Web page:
Why So Serious: Warner Bros. Reportedly Orders ‘No Jokes’ In New DC Comics Movies
Comics fans have become well acquainted with the notion that sometimes, creative people learn the wrong things from successes. It's why certain comics have been dominated for going on 30 years by a "dark" and "mature" sensibility that often comes off as grim, self-serious and overcooked.
Well, get ready for that way of thinking to make its way to movie theaters very soon. According to a report at Hitfix, Warner Bros. has a strict rule for its upcoming DC Comics movies: "No jokes."
What's particularly surprising is that the rule -- which itself is kind of a joke, when you think about it -- is that it stems from a failure more than it does a success, at least, according to Hitfix writer Drew McWeeny's thinking.
See, Green Lantern was a bomb. A massive one. It remains the butt of many -- brace yourself -- jokes about superhero movies that just didn't have what it took to connect with audiences. It was loaded with comedy. The trailers included lots of smarmy "charm" from lead actor Ryan Reynolds. And it didn't work.
But was the humor the reason it didn't work? It would seem that there are any number of counterpoints to the argument that it was -- Guardians of the Galaxy most prominent among them, but almost any other Marvel movie would serve as an example that humor in superhero movies isn't something audiences flee from.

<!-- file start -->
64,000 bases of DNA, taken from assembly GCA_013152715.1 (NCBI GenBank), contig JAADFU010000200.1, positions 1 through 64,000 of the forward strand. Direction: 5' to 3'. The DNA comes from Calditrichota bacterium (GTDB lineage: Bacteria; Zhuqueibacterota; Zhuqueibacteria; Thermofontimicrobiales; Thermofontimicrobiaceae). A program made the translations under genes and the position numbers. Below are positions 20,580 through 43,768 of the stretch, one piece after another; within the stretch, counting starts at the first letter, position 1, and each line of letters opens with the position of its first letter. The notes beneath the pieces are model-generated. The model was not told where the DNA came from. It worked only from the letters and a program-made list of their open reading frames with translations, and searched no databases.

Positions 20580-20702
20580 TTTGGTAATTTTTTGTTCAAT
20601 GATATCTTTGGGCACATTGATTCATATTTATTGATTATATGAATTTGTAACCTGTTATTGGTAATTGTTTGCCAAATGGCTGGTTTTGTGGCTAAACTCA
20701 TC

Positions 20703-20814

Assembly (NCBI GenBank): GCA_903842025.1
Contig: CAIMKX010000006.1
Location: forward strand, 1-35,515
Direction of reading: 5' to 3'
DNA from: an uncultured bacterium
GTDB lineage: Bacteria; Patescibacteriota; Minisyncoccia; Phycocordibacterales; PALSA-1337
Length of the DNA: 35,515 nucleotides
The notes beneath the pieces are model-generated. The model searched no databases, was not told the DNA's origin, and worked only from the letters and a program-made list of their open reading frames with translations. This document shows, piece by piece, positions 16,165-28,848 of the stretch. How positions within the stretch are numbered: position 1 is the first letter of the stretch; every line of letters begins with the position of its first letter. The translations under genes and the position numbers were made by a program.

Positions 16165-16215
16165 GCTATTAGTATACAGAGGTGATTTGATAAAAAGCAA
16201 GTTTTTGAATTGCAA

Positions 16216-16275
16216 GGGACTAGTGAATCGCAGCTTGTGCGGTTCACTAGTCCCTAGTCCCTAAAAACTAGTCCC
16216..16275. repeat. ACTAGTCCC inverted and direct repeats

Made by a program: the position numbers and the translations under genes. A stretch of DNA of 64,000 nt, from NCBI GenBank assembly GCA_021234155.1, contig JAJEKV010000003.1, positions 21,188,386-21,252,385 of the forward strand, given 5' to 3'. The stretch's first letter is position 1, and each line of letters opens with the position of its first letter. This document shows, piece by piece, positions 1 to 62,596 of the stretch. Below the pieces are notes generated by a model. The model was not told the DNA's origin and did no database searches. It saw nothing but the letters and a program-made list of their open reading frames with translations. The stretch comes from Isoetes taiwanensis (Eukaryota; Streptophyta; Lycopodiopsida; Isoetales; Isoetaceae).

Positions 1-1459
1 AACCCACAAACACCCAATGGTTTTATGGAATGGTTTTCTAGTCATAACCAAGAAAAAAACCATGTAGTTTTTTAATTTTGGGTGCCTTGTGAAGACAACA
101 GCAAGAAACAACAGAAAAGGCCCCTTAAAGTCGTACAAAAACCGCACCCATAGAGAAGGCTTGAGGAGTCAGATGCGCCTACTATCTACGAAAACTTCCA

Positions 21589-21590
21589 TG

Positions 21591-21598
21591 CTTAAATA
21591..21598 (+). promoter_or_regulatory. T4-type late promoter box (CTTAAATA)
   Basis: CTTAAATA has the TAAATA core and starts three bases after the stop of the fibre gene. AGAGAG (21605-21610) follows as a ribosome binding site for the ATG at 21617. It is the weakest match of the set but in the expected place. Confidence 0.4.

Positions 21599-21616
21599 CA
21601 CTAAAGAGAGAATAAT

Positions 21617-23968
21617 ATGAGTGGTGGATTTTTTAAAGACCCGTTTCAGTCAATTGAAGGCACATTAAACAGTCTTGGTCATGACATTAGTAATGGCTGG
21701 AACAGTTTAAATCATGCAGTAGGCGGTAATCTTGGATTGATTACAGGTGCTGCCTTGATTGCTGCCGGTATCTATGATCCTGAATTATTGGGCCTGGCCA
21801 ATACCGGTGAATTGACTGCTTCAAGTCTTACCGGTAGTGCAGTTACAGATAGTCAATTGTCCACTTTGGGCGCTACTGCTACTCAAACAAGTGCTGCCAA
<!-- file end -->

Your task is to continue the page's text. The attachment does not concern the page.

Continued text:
Perhaps the whole idea is for Warners/DC to distinguish itself completely from its competition at Disney/Marvel, but this really, really doesn't seem like the way to do it.
Arguably the most successful Warners/DC movie, The Dark Knight, is teeming with humor. Sure, it's a dark humor, but the Joker has some laugh-out-loud lines. (The best one is a simple, "Yeah.") Bruce Wayne and Alfred have warm, funny moments. Batman tells those faker guys he isn't wearing hockey pads!
The other Nolan Batman movies have comic relief moments, too. The Richard Donner/Richard Lester Superman movies have plenty of comic relief (it was kind of Ned Beatty's whole role). Even Tim Burton's Batman had Robert Wuhl.
Honestly, this is such a wrongheaded rule to impose that it has even the writer who originally reported it -- citing five different sources - -doubted it so strongly that he openly asked Batman V Superman: Dawn of Justice director Zack Snyder and screenwriter David Goyer to deny it.
On the one hand, banishing humor from your make-believe world full of people in spandex costumes who punch each other while buildings fall down around them seems like instant death. Aren't we supposed to like these characters? On the other hand, after Man of Steel, it's kind of believable, isn't it?
It almost sounds like a test a student in a screenwriting class would get assigned: "Write a good script with no humor in it at all." If this is all true, someone will have to do that a dozen times or so in the next few years.
That's a hell of a test.